Where Are Microsites Going?

These five trends might not sound revolutionary, but each has enough traction and experimentation that something is certain to break through. Some like Jim Tomberlin, creator of MultiSiteSolutions.com, predict a building on the best of what’s already known. “Like the multisite movement in the early days, microsites are messy and still forming as a model,” he says. “I believe microsites will be a convergence of the best of church planting with the best of multisiting. A combination of starting small with lay leadership like a church plant, but with the resourcing and guidance of a multisite church.”

Carl George, author of How to Break Church Growth Barriers, agrees. “The cell group model is clearly a forerunner of the microchurch-as-movement concept. By empowering cell group leaders as lay pastors, many leading churches have taken strong steps in that direction.”

Others, like Reggie McNeal, author of Kingdom Come, and senior fellow at Leadership Network, sense a fork ahead in the road. “A microchurch will become a different expression of church than its congregation-based cousin,” he says. “It is not for everyone, not is it the replacement of centuries of church practice. But it might serve well the post-congregational Christians who, for a variety of reasons, choose to pursue their spiritual journey outside the routines and rhythms of the congregational model of church that has dominated the church landscape for centuries. This new life form in the church taxonomy may take the church back to its early days when it was a movement, before it became church as congregation.”

Can Microchurches Sustain Momentum?

Whatever form they take, microchurches will be sustainable only if each group receives ongoing vision and direction. Sometimes it will come from someone in the group with an apostolic impulse and leadership gifts. Other times it comes from an established church sponsoring or guiding it. Outside North America, the motivation often comes from persecution of Christianity.

Even so, microchurch models are already pushing churches to new levels of innovation. One church that’s using the town hall video approach has prepared 30 “in a crate” kits for setting up church any place in their city—from laundromats to public parks. This approach enables volunteer leaders to set up church anywhere and anytime, and yet have the teaching consistency of their pastor’s sermons.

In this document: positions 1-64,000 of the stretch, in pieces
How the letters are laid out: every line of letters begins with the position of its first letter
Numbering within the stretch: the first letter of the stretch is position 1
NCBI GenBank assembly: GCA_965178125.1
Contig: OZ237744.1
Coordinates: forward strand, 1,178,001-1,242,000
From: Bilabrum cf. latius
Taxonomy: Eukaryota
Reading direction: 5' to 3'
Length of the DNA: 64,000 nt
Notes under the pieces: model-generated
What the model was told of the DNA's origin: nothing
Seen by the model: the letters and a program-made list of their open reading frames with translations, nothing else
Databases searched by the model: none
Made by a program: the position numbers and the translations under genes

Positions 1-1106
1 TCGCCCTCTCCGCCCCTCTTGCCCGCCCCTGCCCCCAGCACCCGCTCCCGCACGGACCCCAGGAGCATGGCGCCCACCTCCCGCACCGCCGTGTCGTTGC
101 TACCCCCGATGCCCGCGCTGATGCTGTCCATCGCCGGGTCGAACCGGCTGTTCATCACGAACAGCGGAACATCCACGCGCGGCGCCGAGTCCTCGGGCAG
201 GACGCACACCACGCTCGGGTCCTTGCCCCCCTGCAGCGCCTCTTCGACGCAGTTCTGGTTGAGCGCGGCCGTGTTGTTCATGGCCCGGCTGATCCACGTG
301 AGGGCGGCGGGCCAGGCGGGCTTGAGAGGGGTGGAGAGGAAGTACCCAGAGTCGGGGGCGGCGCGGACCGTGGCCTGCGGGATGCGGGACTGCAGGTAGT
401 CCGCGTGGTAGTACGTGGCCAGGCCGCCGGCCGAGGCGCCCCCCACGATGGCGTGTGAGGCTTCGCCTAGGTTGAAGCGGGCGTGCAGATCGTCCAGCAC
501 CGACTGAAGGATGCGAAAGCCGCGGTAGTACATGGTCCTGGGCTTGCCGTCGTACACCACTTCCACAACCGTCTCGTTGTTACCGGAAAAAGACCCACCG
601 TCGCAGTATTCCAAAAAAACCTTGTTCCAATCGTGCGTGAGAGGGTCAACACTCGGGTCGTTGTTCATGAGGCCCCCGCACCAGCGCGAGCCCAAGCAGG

On the other end of geography are low-population areas: “Microchurch locations in the multisite movement have allowed many megachurches to reach more rural areas that are likely unable to support a ‘traditional’ multisite campus location, expanding their reach into new communities,” observes Josh Whitehead, director of Leadership Network’s Multisite Jumpstart HUB, which helps churches launch their first multisite campus.

Definitely Something to Watch

One church webpage asks, “What is microchurch?” and answers it like this: “It’s a new approach to small groups. It’s decentralized, not established by the church office. It’s more organic and less organized, it happens naturally. It’s relational, friends enjoying friends, and the process of making new friends. Jesus said it this way: ‘Where two or three gather in my name, there am I with them.’”

Sounds like a great effort to go back to basics, even if we’re not sure where it will lead. So whatever happens, the first step is to learn the word microchurch and begin to watch for ways it is making a difference.

Warren Bird
Warren Bird

Warren Bird, an Outreach magazine contributing editor, is the vice president of research at ECFA, former research director for Leadership Network and author of more than 30 books for church leaders.